Andean Theater

Bolivia: bombing kills two

We sure hope this is just a couple of lone wackos and not the beginning of a destabilization campaign against Evo Morales. An AP report indicates suspect Triston Jay Amero of California "has been in and out of psychiatric hospitals since he was seven-years-old"—which is comforting for us, even if it doesn't seem to have done him much good. Still, that doesn't mean he wasn't being paid or manipulated by the CIA (or somebody). From Weekly News Update on the Americas, March 26:


from Weekly News Update on the Americas


On Feb. 28, more than 2,000 members of Brazil's Movement of Landless Rural Workers (MST) from 14 encampments in the state of Rio Grande do Sul began occupying the Fazenda Guerra, a large estate in Coqueiros do Sul municipality. It was the largest single land occupation since the late 1990s. According to Ana Hanauer, of the MST's coordinating body in Rio Grande do Sul, the occupying families are using wooden construction materials to build permanent housing and an educational facility on the site, turning the property into an MST settlement, instead of the more typical encampment of temporary plastic-covered tent-like structures. The MST is demanding the immediate settlement of the 2,500 families still living in such temporary encampments in Brazil's southernmost state. Some of these families have spent seven years living in the encampments; only 220 families have been able to move into settlements over the past three years in Rio Grande do Sul. Most of the families who participated in the Feb. 28 occupation were forcibly displaced by Military Police on Feb. 23 from an encampment on the side of Highway RS-406, in Nanoi.


from Weekly News Update on the Americas


The Ecuadoran government decreed a state of emergency in the Amazon provinces of Napo, Orellana and Sucumbios on March 8, two days into a strike that shut down oil production in the region. The 4,000 striking workers were employed by subcontractors to provide maintenance, security, transport, clean-up and construction for the state oil company Petroecuador. The workers are owed three months worth of salaries by the subcontractors, who have themselves not been paid by Petroecuador since last September. On March 7, the workers shut down six major oil facilities in the region; the same day, army soldiers used tear gas bombs to eject the strikers from several oil company sites. The workers released three of the sites on March 11 and ended the strike on March 12 after the government promised to arrange payment of the debts and to release three arrested strike leaders. The state of emergency was to be lifted gradually beginning on March 13. (Agencia Pulsar, March 8; AP, March 8, 12; El Comercio, Quito, March 11)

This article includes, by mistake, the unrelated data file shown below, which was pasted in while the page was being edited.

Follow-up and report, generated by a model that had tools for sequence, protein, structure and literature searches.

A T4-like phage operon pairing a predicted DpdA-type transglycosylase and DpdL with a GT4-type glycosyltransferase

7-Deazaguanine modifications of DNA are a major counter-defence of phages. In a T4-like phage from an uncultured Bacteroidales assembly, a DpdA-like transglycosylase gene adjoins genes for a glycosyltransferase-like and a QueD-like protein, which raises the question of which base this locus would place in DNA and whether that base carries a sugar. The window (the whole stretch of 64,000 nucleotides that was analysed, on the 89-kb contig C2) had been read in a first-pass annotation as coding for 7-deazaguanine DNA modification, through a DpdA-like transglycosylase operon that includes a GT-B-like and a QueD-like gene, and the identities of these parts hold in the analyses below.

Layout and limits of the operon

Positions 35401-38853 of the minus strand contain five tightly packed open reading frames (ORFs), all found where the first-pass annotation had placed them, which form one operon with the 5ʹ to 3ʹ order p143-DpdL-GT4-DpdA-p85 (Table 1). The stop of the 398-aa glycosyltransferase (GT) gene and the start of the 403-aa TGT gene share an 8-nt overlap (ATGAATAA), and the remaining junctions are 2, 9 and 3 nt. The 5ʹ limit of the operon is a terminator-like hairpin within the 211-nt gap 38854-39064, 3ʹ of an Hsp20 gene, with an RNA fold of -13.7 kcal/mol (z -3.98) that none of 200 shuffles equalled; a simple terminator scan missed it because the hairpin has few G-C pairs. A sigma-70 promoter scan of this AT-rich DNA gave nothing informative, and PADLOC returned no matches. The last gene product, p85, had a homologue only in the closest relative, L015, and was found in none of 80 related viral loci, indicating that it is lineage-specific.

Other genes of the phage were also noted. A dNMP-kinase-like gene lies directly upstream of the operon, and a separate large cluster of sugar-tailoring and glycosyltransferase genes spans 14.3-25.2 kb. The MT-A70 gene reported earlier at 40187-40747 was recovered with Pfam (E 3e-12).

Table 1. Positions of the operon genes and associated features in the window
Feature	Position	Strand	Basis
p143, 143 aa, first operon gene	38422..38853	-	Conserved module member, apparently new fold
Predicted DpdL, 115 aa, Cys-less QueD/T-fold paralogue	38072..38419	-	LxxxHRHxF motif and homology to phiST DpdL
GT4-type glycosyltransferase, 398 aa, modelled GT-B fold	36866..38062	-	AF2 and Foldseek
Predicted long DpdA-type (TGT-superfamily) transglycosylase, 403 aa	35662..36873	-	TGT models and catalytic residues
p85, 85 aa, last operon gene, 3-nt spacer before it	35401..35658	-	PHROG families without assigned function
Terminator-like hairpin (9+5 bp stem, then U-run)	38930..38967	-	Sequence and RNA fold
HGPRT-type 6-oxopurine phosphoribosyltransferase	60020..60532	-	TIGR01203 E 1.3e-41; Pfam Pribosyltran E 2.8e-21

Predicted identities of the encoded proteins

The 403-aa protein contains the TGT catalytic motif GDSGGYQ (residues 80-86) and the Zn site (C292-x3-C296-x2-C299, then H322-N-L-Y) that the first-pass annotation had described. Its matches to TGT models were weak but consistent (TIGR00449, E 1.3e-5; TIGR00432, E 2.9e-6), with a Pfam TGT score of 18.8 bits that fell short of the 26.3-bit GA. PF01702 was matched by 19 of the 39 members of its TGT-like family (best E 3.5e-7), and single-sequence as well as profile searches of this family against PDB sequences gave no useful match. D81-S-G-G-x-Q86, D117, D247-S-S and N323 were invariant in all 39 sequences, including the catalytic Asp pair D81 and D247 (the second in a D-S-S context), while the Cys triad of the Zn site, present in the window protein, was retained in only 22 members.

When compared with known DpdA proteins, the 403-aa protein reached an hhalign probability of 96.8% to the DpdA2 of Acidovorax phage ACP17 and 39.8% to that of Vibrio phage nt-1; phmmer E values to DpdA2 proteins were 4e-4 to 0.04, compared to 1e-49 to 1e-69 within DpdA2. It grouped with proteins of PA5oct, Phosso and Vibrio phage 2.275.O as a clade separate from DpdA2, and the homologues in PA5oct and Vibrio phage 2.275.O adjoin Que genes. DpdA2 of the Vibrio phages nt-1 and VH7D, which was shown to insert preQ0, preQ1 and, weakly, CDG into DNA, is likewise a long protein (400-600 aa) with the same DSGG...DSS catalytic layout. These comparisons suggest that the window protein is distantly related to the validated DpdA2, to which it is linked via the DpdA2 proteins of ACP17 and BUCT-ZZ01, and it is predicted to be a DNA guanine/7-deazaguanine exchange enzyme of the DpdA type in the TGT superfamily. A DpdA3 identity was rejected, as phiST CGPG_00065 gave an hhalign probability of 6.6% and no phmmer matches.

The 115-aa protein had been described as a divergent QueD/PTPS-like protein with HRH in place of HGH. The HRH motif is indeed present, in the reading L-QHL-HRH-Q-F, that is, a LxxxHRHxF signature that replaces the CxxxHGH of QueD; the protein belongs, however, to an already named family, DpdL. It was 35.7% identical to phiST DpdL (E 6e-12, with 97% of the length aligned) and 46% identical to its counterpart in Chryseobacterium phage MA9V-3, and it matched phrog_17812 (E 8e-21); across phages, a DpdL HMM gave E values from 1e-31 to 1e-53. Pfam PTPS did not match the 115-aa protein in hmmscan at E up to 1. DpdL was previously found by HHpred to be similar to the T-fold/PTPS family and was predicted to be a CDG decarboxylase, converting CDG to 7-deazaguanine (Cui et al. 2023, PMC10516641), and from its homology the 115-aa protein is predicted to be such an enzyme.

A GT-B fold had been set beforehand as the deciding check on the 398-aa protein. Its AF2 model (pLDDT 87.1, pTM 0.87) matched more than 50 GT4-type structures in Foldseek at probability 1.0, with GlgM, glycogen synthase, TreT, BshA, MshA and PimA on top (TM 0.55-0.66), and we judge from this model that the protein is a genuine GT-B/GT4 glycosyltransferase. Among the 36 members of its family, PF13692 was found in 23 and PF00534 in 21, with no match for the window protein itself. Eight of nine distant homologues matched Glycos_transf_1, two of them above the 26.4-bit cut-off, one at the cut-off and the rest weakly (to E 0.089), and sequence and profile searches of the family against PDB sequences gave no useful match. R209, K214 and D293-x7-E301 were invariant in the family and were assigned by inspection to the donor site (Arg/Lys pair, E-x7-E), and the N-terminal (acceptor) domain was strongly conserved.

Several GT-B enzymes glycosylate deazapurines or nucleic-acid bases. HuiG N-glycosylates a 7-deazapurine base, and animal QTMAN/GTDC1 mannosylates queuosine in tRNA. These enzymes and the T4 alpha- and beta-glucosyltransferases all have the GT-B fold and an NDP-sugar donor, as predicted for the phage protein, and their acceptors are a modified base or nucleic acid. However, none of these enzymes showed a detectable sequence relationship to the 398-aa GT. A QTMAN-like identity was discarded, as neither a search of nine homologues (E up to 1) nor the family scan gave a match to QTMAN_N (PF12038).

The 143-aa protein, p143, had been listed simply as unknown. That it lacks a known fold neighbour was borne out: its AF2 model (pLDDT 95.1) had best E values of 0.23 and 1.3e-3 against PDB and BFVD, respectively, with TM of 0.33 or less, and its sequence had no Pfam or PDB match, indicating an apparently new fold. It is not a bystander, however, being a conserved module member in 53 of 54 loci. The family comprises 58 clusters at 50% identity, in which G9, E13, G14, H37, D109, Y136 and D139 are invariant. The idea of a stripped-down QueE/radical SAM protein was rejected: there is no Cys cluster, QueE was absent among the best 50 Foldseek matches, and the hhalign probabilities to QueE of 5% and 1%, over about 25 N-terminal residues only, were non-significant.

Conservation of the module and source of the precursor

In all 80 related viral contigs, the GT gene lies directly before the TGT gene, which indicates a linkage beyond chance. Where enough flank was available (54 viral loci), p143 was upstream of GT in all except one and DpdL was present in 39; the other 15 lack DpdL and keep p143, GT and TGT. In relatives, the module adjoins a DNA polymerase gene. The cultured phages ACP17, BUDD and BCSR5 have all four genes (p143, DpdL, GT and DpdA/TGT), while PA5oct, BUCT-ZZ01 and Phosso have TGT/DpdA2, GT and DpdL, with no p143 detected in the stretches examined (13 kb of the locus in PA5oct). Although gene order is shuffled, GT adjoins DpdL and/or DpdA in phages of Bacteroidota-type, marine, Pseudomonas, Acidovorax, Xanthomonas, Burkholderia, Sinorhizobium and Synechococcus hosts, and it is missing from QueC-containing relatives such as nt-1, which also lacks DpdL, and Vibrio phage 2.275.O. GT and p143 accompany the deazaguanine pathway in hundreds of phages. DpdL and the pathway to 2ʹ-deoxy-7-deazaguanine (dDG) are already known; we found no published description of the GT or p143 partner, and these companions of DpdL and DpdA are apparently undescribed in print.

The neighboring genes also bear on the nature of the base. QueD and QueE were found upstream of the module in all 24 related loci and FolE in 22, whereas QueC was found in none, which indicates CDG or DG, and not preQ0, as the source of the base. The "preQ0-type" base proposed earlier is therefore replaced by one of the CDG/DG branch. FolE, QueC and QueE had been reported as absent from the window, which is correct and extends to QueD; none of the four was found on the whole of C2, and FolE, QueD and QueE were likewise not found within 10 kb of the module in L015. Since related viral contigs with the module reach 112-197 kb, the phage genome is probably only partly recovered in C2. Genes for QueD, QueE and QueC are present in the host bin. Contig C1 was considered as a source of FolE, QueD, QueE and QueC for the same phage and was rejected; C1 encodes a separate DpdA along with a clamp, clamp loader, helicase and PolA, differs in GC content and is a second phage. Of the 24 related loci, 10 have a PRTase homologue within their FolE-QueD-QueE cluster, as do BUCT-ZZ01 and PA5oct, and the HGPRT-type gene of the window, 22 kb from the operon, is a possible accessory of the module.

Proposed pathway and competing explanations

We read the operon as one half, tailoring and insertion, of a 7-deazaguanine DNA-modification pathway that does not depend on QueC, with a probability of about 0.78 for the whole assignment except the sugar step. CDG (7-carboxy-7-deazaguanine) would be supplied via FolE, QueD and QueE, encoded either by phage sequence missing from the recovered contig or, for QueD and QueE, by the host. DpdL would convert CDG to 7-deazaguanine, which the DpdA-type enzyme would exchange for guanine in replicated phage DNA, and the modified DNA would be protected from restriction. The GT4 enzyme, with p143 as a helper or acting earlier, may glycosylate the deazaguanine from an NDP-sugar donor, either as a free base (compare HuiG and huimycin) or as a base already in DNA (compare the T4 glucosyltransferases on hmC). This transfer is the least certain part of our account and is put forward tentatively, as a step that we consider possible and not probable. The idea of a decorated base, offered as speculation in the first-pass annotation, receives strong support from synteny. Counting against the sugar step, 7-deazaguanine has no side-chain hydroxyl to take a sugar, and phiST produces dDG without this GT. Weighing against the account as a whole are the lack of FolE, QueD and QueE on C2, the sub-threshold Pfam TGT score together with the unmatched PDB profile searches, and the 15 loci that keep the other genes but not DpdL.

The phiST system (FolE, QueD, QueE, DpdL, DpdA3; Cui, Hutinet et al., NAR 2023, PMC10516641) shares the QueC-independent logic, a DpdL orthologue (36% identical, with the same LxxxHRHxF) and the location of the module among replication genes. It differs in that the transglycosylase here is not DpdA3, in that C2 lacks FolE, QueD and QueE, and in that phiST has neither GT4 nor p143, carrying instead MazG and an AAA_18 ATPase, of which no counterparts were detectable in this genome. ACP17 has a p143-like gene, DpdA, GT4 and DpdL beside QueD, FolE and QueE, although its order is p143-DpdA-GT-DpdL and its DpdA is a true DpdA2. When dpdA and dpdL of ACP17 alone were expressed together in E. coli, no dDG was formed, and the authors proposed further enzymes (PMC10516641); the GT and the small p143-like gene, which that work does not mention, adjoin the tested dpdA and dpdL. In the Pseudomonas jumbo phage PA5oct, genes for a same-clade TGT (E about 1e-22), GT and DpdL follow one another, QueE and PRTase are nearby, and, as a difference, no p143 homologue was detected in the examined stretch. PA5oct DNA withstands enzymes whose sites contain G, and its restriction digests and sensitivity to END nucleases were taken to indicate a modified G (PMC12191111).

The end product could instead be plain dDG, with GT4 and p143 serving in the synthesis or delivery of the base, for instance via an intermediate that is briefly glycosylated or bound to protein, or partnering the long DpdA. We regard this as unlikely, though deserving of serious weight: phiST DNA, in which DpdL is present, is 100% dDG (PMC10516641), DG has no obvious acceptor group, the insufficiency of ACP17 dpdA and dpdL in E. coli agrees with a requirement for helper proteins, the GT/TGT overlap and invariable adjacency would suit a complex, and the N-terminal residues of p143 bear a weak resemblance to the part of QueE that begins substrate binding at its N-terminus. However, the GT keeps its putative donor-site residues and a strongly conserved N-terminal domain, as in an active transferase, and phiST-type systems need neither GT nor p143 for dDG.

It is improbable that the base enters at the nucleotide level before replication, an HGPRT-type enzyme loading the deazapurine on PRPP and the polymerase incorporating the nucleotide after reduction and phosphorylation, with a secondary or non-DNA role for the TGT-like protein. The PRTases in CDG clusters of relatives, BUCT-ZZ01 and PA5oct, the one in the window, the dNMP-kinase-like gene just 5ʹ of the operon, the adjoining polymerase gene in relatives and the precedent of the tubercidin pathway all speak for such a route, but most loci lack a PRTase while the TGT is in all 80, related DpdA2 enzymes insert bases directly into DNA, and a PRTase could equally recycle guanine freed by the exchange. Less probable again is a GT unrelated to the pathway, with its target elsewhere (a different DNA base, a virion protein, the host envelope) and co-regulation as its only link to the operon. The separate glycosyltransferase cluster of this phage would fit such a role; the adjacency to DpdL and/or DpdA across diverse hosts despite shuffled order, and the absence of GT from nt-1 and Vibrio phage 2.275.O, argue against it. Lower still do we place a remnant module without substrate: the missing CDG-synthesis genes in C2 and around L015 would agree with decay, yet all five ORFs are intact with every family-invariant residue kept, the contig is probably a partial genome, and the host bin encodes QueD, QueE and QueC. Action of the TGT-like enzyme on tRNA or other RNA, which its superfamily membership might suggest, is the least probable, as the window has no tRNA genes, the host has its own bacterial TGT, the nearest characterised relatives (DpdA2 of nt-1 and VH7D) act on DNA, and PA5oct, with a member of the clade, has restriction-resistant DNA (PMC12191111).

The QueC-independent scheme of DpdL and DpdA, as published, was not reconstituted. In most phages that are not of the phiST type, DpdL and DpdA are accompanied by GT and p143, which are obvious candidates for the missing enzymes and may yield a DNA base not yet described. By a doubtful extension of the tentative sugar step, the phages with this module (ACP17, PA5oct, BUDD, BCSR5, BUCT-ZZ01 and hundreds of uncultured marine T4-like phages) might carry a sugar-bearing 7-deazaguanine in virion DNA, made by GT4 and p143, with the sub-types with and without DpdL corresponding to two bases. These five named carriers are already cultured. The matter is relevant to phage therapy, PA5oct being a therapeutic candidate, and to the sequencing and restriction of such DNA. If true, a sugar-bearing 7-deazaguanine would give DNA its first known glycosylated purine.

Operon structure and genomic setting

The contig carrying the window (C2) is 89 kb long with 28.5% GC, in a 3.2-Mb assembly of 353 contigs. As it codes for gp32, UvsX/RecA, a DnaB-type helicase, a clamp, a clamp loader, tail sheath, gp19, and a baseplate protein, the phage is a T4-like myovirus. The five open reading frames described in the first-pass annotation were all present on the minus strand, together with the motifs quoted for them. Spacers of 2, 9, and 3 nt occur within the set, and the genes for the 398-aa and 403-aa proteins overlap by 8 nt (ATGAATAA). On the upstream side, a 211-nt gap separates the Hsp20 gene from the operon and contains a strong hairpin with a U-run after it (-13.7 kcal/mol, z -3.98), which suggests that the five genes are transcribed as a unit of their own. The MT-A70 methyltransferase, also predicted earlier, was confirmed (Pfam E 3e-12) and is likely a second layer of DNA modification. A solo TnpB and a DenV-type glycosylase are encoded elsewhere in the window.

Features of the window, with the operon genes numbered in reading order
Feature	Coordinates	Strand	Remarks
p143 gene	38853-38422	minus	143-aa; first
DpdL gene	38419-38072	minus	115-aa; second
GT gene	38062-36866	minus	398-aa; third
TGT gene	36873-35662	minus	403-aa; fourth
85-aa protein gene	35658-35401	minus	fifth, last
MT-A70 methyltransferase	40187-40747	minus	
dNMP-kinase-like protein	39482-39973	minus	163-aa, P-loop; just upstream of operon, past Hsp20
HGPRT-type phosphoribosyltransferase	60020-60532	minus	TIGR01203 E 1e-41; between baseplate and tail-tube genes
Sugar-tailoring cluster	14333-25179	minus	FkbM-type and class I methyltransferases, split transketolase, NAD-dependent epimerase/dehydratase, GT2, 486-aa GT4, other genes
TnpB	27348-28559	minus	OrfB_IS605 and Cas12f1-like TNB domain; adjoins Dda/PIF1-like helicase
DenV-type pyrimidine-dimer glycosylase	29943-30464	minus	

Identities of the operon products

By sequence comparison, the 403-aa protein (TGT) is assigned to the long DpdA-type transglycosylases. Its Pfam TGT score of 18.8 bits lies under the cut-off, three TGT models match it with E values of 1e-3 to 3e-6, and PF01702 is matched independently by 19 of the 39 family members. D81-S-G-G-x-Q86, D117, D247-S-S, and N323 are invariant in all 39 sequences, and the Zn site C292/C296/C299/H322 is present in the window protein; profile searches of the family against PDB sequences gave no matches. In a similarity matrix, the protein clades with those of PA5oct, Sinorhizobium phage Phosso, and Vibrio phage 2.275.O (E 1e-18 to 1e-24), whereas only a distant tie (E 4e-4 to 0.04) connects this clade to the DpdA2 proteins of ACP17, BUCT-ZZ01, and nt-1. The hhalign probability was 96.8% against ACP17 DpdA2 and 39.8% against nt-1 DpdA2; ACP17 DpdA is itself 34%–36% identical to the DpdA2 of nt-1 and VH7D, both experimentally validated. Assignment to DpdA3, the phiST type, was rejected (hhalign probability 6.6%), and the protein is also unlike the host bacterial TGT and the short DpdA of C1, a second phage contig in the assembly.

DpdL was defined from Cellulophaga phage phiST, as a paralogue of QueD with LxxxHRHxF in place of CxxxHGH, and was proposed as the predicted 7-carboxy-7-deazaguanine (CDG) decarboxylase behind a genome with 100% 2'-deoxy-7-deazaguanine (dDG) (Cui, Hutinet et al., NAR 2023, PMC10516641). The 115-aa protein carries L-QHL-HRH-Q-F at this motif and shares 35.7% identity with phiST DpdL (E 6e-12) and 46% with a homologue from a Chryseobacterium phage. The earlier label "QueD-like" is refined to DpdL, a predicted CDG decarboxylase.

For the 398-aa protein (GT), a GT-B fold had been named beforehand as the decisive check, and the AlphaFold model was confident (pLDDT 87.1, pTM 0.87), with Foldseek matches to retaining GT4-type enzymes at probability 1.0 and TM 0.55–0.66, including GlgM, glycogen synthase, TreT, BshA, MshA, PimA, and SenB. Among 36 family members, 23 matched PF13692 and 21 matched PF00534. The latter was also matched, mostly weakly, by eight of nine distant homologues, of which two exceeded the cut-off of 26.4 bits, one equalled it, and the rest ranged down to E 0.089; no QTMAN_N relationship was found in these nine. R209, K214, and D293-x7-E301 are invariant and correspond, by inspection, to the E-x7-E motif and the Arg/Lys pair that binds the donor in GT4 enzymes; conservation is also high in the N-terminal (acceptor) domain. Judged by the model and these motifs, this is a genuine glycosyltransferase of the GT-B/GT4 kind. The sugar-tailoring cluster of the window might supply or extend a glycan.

Colombia: Uribe rift with military?

From Knight-Ridder, March 21:

BOGOTA, Colombia - It's pretty easy to tell when Colombian President Alvaro Uribe is angry. The bespectacled president usually airs his grievances in public, particularly against errant generals in his army.

Bolivia: three ex-presidents charged in foreign oil deals

From EFE, March 16:

Bolivia’s attorney general filed charges Thursday against three ex-presidents and eight former energy ministers for signing contracts with foreign petroleum firms that violated the laws of the Andean nation. The accusations are directed against Gonzalo Sanchez de Lozada, Jorge Quiroga and Carlos Mesa.

Action alert: Venezuelan indigenous oppose coal project

Paula Palmer writes for Global Response Action Alerts:

In late January at the World Social Forum in Caracas, Venezuelan indigenous leaders asked Global Response to support them in their struggle to stop construction of open-pit coal mines in their territories. I joined them in an all-day march through the streets of Caracas, carrying banners saying "No al Carbon!" (No to Coal).

Bolivia: Evo to free the land?

From Prensa Latina, March 8:

A call to return illegally owned lands was launched by Bolivia´s President Evo Morales, while warning his administration will put an end to unproductive large landed estates.


Coca Eradication Brings War to Endangered National Parks

by Memo Montevino

Last June, following months of political contest between the administration of President Alvaro Uribe and environmentalists, Colombia's government announced that the aerial spraying of glyphosate to wipe out coca crops would be extended to the country's national parks. Claiming 11 of Colombia's 49 national parks had been invaded by cocaleros, Uribe named three parks slated for imminent fumigation: Sierra Nevada de Santa Maria, a northern snow-capped peak which is a UN-recognized biosphere reserve; and two in the lush cloud-forests where the eastern Andean slopes fall towards the Amazon basin. This cloud forest belt is the most biodiverse zone of Colombia, and among the most conflicted. These two parks—Cataumbo, in Norte de Santander department, and La Macarena in Meta—are both in areas hotly contested by Colombia's military and guerillas of the Revolutionary Armed Forces of Colombia (FARC).

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